The change of paradigm in this area means that teachers have to adapt their methods to the new requirements as to provide adequate teaching of foreign languages. At the same time, there are no clear-cut criteria regarding the notion of effective teaching. The only aspect education experts agree on is that every discipline is specific, and what applies to teaching history, for instance, is not necessarily suitable for foreign language instruction. Thus, whereas a lecture would be a good choice for the former, it rarely yields desirable results in the case of the latter, especially at the beginning or intermediate levels of foreign language learning (Lacorte, 2005, p. 259).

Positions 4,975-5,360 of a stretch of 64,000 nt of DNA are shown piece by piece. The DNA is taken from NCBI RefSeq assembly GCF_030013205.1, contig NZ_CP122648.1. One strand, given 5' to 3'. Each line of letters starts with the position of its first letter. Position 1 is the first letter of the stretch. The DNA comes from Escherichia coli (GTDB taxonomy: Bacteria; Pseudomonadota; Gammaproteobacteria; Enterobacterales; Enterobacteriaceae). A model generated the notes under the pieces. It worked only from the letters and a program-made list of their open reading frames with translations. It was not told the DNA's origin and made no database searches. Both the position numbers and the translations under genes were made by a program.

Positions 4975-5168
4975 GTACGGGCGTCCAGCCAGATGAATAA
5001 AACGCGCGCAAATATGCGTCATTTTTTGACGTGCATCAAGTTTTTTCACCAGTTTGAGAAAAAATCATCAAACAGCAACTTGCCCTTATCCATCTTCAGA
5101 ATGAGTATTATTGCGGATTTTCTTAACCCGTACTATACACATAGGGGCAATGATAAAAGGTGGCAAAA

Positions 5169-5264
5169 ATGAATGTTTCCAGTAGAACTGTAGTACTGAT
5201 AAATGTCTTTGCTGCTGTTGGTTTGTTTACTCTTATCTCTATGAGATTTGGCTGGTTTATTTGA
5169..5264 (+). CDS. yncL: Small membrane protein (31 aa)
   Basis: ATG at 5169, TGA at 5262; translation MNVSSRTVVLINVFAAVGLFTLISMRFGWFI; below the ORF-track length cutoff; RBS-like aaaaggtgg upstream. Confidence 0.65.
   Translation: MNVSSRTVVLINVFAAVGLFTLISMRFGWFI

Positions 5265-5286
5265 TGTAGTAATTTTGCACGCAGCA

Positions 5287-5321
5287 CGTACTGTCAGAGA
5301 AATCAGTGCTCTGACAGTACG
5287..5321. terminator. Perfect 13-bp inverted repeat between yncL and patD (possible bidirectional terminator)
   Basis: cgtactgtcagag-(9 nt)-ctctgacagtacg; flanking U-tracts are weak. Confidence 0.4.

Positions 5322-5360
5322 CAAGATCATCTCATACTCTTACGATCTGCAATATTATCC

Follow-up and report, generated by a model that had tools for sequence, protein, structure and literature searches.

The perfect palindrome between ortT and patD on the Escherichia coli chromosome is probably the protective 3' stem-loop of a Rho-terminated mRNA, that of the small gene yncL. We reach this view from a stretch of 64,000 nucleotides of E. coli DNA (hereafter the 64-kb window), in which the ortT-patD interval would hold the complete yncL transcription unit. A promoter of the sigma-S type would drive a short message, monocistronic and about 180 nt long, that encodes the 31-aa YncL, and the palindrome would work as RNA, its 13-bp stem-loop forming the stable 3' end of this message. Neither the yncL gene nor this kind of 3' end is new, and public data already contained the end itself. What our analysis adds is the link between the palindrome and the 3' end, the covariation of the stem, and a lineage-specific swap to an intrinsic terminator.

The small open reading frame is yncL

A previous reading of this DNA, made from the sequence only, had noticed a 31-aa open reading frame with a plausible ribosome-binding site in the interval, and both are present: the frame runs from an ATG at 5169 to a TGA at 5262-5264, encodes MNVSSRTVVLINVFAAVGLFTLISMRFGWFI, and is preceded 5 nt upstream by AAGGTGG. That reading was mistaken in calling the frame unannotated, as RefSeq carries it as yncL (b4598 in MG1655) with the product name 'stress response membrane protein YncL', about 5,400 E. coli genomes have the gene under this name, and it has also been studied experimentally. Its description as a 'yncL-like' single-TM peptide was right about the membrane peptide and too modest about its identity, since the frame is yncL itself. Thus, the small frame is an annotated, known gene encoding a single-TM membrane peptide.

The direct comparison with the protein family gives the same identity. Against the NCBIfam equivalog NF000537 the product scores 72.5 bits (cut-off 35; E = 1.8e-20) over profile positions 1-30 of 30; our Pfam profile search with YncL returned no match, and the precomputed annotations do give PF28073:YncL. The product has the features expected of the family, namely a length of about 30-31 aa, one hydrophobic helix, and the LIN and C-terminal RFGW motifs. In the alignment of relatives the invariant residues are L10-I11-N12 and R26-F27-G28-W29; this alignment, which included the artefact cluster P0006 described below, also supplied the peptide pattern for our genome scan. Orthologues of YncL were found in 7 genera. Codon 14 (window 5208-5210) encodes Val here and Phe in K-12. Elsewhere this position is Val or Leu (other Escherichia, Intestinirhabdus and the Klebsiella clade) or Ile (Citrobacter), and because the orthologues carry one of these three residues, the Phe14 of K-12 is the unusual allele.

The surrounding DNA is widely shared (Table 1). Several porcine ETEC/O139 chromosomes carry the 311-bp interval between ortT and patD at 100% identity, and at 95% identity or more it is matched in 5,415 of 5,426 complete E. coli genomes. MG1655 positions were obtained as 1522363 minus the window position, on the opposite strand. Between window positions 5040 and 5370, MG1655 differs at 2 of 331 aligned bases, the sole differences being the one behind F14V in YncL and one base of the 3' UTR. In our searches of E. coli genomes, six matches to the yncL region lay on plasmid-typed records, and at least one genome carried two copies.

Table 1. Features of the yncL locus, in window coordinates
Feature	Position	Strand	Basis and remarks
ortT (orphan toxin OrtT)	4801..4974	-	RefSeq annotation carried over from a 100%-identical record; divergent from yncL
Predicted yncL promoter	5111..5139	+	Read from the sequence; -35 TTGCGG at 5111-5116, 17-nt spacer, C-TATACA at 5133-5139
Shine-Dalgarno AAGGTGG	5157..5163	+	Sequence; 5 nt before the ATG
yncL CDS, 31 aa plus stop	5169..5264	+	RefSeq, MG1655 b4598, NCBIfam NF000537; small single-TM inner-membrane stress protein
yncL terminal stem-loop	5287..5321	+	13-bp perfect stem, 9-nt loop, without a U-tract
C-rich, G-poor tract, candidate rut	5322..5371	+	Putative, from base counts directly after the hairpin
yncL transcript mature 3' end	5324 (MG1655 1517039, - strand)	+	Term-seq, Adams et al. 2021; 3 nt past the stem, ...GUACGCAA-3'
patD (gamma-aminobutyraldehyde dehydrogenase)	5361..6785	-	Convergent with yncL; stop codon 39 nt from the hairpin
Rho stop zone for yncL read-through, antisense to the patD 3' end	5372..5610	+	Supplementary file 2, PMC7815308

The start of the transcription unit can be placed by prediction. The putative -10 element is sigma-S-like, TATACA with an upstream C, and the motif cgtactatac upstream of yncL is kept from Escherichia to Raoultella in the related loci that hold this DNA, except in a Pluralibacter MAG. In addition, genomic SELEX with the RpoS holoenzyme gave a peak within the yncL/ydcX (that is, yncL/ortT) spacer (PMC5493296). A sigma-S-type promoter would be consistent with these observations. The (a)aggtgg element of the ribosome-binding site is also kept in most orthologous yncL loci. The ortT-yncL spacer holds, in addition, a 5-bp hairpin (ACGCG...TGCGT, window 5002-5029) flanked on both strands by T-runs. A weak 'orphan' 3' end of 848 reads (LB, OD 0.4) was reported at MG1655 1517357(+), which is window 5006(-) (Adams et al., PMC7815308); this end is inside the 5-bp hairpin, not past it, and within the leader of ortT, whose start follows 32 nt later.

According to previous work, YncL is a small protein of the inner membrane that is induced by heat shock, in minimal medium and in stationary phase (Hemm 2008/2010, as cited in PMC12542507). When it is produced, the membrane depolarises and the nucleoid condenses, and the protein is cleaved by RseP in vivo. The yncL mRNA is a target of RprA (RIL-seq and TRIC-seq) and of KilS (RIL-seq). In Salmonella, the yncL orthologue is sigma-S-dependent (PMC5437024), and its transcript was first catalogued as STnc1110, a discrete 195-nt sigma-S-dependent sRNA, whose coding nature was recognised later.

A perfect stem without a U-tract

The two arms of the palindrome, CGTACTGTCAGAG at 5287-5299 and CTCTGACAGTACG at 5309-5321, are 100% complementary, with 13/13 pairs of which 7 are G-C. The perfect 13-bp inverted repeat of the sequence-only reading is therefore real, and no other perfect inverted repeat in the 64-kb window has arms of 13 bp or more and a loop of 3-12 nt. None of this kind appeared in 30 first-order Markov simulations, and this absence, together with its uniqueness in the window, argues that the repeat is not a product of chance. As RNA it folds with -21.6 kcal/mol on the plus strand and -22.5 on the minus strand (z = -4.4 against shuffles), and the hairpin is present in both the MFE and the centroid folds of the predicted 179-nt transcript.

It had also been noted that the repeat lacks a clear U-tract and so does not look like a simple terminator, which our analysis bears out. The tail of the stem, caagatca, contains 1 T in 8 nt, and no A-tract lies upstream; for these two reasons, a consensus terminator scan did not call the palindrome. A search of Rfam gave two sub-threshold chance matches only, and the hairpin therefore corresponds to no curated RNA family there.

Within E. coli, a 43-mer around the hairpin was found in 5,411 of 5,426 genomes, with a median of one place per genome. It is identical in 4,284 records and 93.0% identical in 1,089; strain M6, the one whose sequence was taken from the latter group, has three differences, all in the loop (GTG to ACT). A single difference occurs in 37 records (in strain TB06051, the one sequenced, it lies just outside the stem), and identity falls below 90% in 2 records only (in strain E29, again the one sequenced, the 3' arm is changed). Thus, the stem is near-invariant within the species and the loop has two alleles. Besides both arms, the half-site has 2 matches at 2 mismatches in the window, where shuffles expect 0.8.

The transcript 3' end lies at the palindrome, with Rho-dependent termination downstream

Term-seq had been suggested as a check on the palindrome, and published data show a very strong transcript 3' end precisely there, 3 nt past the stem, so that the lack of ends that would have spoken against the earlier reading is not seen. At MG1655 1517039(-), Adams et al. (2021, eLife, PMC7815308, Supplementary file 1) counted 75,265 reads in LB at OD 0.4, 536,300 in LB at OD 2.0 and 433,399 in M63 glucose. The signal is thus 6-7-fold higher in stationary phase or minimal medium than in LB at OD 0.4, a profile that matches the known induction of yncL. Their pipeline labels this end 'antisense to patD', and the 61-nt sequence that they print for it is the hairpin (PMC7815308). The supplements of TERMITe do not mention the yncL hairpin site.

As important as it is to cater for special courses that would provide some effective recipes for teaching a language, the foreign language teachers of the 2...
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...text. Thus, modern language instruction is no longer restricted to acquiring the communicative competence, but goes further to include the acquisition of intercultural skills or competences – “the ability to deal with differences that derive from everyday communication, which actually means the ability to handle the unknown” (Magos & Simopoulos, 2009, p. 255). Byram (1997) calls such a competence savoirs (italics in the original) (quoted in Magos & Simopoulos, 2009, p. 255). In order to be able to assist their learners in developing this savoir, foreign language teachers have to first acquire them themselves. Magos & Simopoulos (2009) quote other researchers in the area and claim that a successful intercultural teacher is flexible and open in the face of differences, always respects people coming from a different background, and is aware of many intercultural aspects.
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